Borneo, the world's third largest island, accounts for just one per cent of the world's land yet holds approximately six per cent of global biodiversity in its rich, tropical forests. Species range from the distinct Bornean orangutans to giant pitcher plants and Rafflesia flowers.
Yet this biodiversity is under threat – Borneo has already lost over half its forests, and a third of these disappeared in the last three decades.
A recent WWF report named the region as one of 11 “deforestation fronts” which account for 80 per cent of projected global forest loss by the year 2030. The biggest cause of deforestation is expanding agriculture – including commercial palm oil plantations. Unsustainable or illegal logging can instigate a death by a thousand cuts scenario where heavily logged forests become vulnerable to fire and encroachment, and gradually disappear or are degraded to the point where they are re-zoned for agricultural development.
The Heart of Borneo refers to the interior of the island and the main water catchment area, which is still mostly intact. Covering 22 million hectares, it is one of the largest transboundary tracts of rainforest remaining in the world. But the Heart of Borneo is not just a treasure trove of biodiversity. It is also the homeland and source of livelihoods of a million Dayak people, and provides key services like water and food for over 11 million living in wider Borneo. It also stores massive amounts of carbon.
The Heart of Borneo Initiative was created by the Governments of Brunei, Indonesia and Malaysia in 2007. They committed to maintain the forests and the biodiversity within them for the benefit of the people who rely upon them, through a network of protected areas and other sustainable land use practices. WWF plays a key role in helping the three governments implement the Initiative. Work ranges from traditional species protection to enabling green economies that are built on pro-poor and pro-environment policies.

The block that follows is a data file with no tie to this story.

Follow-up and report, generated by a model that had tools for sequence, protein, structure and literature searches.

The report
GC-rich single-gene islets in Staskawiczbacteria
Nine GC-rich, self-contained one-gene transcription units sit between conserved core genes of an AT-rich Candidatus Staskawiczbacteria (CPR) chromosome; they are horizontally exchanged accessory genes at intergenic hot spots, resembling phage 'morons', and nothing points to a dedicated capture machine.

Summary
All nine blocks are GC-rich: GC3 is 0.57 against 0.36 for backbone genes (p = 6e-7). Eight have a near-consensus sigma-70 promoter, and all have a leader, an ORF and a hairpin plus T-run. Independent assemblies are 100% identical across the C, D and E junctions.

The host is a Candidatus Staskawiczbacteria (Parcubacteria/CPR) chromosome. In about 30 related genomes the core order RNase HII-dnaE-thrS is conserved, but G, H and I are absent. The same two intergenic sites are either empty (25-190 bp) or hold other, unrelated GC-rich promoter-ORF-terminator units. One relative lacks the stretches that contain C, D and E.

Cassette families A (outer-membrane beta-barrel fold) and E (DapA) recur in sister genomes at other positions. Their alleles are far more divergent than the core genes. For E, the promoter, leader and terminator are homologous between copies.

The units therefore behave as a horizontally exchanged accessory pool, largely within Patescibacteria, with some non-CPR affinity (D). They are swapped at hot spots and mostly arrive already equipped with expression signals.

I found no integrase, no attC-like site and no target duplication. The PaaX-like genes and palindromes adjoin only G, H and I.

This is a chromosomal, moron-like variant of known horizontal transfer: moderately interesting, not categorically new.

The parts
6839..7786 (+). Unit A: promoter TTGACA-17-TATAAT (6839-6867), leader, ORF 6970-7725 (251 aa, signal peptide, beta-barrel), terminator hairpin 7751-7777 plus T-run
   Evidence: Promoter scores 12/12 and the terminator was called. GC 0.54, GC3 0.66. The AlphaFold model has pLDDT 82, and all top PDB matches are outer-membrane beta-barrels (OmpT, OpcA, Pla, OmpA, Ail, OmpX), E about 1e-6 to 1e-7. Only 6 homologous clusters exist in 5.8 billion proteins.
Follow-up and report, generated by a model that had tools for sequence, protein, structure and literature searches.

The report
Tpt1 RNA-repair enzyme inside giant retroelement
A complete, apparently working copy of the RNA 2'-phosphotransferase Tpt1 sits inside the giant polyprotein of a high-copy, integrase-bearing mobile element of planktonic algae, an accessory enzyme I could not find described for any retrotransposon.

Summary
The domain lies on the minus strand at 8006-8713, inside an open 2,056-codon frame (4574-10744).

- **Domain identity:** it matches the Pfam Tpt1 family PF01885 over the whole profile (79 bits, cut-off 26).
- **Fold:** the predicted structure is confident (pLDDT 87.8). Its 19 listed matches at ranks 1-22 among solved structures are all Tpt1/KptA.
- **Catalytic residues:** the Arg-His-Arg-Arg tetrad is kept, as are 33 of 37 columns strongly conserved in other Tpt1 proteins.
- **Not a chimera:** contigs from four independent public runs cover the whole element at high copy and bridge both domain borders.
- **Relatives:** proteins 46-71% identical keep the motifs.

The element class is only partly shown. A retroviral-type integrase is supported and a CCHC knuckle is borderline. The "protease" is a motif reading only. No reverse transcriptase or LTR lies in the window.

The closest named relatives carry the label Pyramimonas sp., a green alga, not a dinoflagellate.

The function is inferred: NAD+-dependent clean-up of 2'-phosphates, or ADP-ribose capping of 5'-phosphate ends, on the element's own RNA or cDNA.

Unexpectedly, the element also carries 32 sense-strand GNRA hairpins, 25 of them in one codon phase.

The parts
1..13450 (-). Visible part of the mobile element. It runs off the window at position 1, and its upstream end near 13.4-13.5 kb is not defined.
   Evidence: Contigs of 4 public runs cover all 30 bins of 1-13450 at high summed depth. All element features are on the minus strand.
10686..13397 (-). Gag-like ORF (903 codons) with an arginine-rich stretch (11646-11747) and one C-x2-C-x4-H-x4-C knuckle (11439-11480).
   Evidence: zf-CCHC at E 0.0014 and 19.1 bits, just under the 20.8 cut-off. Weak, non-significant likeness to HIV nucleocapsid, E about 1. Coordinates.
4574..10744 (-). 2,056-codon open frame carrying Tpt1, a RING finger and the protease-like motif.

The initiative is well-aligned with the United Nations’ proposed Sustainable Development Goals, due to be agreed by member states in September. Goal 15 is focused on sustaining terrestrial ecosystems. Forests also contribute to other proposed goals such as poverty eradication, food security, clean water and watershed protection, sustainable consumption and production and combating climate change and its impacts.
In embracing these goals, conservation organisations cannot be dismissive of local people’s desire to boost their living standards. But too often, short-term developmental pressures result in ill-conceived projects that destroy the natural goods that people and businesses need to thrive over the long term. Logging, oil palm development and dam construction may boost a country’s economic output, but impose costs to local communities in the form of lost livelihoods and escalated conflict.
Development is not just about governments pursuing economic growth, and businesses seeking returns on investment. It is also about local and indigenous communities aspiring to better ways of life. If denied green economic options, communities could have little choice but to convert their forested land to oil palm and other crops that offer immediate returns.
The Heart of Borneo Initiative seeks to bring together governments, the private sector, civil society and other stakeholders to ensure conservation objectives are strongly melded to sustainable development, including addressing the needs of local communities. A key objective is to give local people the opportunity to realise their aspirations and fulfil their needs without undermining natural resources, biodiversity and culture. One strategy is to encourage sustainable production in compliance with certification standards for sustainability. Another is developing village-level enterprises as diverse as honey collection, rubber tapping and ecotourism.
But the Heart of Borneo’s transformation to a green economy is still a work-in-progress. Government agencies need to do much more to facilitate inclusive spatial planning, resolve land tenure conflicts, enable community development and enforce environmental protection regulations.
Let’s hope progress can be accelerated, and the Heart of Borneo’s people, forests and farms can attain the benefits of a truly green and inclusive economy.
Rod Taylor is the Director of WWF’s Global Forest Programme. Before joining WWF, he worked as a forest policy adviser in Indonesia, Papua New Guinea and the Solomon Islands